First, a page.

- If K fails, then resume the simulation of R' (from step 3), running it with the honest verifier V. If V rejects the proof, then the sender aborts the protocol. If V accepts the proof than the simulator fails.

We need to prove that the output of this simulator is indistinguishable from the view View_R'[S(x_0,x_1),R']. Notice that the simulated interaction at steps 1,2,3 is exactly the same as in the real view. After step 4, we distinguish two cases:

- The probability that P' convinces V is less than m(sec.param.). Either if we execute step 5 or step 6, the verifier V is going to reject the proof with probability at least 1 - negligible. So, with probability close to 1, the output of the simulator consists of a rejecting conversation between P' and V, and the sender aborting the protocol. This is statistically close (up to m(s) statistical distance) from the real view of R'
- The probability that P' convinces V is at least m(sec. param.). In this case, the knoweldge extractor finds (y',c,r,x) and we execute step 5. The output of the simulator at step 5 is identical to the real view of R', except possibly for the value of u_{not c}. We need to prove that telling if this last bit is correct is computationally unfeasible. The proof is similar to the honest receiver case: we show that if you can tell the difference, you can predict B(X) from a random f(X). Let Y = f(X) be a random value for which we want to compute B(X). We run R' to get the same commitment q = com(y',r), and reply with (f,y'' = Y+y'). The rest of the proof is analogous to the honest receiver case.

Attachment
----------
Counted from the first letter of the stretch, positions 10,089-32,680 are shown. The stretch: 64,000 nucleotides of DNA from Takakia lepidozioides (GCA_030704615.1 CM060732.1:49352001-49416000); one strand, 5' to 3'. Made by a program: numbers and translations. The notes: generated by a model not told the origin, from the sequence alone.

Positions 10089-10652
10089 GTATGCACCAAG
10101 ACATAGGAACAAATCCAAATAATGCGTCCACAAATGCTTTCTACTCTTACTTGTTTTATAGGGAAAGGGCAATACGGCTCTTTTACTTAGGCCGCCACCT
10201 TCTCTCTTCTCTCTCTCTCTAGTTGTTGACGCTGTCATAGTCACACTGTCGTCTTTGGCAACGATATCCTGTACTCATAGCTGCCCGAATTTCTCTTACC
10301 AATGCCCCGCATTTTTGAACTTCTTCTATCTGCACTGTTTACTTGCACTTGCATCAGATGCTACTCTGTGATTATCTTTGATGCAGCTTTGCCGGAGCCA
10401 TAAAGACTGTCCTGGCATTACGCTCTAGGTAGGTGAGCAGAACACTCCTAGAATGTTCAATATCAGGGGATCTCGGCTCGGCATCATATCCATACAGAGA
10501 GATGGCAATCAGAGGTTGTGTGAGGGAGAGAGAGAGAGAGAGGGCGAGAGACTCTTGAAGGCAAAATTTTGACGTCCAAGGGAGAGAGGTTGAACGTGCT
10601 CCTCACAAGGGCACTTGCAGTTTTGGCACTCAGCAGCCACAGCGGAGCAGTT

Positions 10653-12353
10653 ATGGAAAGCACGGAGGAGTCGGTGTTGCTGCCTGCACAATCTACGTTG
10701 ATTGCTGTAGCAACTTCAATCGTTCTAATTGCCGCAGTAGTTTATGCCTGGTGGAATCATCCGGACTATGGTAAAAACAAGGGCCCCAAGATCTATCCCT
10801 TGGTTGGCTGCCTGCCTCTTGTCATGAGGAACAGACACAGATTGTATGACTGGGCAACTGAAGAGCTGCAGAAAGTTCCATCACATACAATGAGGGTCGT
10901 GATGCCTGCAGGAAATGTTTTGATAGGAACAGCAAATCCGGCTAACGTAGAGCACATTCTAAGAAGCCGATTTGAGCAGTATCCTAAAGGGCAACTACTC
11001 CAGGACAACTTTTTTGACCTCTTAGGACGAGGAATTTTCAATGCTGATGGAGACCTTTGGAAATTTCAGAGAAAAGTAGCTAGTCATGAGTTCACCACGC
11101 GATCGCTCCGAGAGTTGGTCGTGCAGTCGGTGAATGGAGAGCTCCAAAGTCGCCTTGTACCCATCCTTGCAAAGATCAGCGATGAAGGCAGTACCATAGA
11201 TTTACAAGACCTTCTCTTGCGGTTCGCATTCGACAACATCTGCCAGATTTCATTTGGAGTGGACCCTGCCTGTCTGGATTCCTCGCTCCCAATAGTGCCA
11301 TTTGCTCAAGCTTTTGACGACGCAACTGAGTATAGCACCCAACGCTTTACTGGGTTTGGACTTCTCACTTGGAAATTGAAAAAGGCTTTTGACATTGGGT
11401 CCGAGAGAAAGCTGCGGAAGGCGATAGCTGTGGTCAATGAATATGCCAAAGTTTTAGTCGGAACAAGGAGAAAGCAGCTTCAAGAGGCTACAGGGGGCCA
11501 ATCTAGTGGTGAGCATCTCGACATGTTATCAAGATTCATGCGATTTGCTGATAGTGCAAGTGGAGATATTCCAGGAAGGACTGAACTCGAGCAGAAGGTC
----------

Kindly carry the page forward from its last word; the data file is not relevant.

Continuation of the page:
Most of the material presented in this lecture can be extracted from the survey/tutorial

O. Goldreich, Secure Multi-Party Computation.

Section 2.3 presents the general method to enforce honest behaviour based on ZKPK. Our construction is essentially a specialized version of the transformation described in Section 2.3. The ZKPK for Hamiltonian cycle described earlier is briefly presented in Chapter 1 of the survey. For a more extensive introduction to ZKPK see

Oded Goldreich, Foundations of
Cryptography, vol. 1 (Basic tools), Cambridge Univ. Press., 2001

(Fragments of a preliminary version of the book are available here.)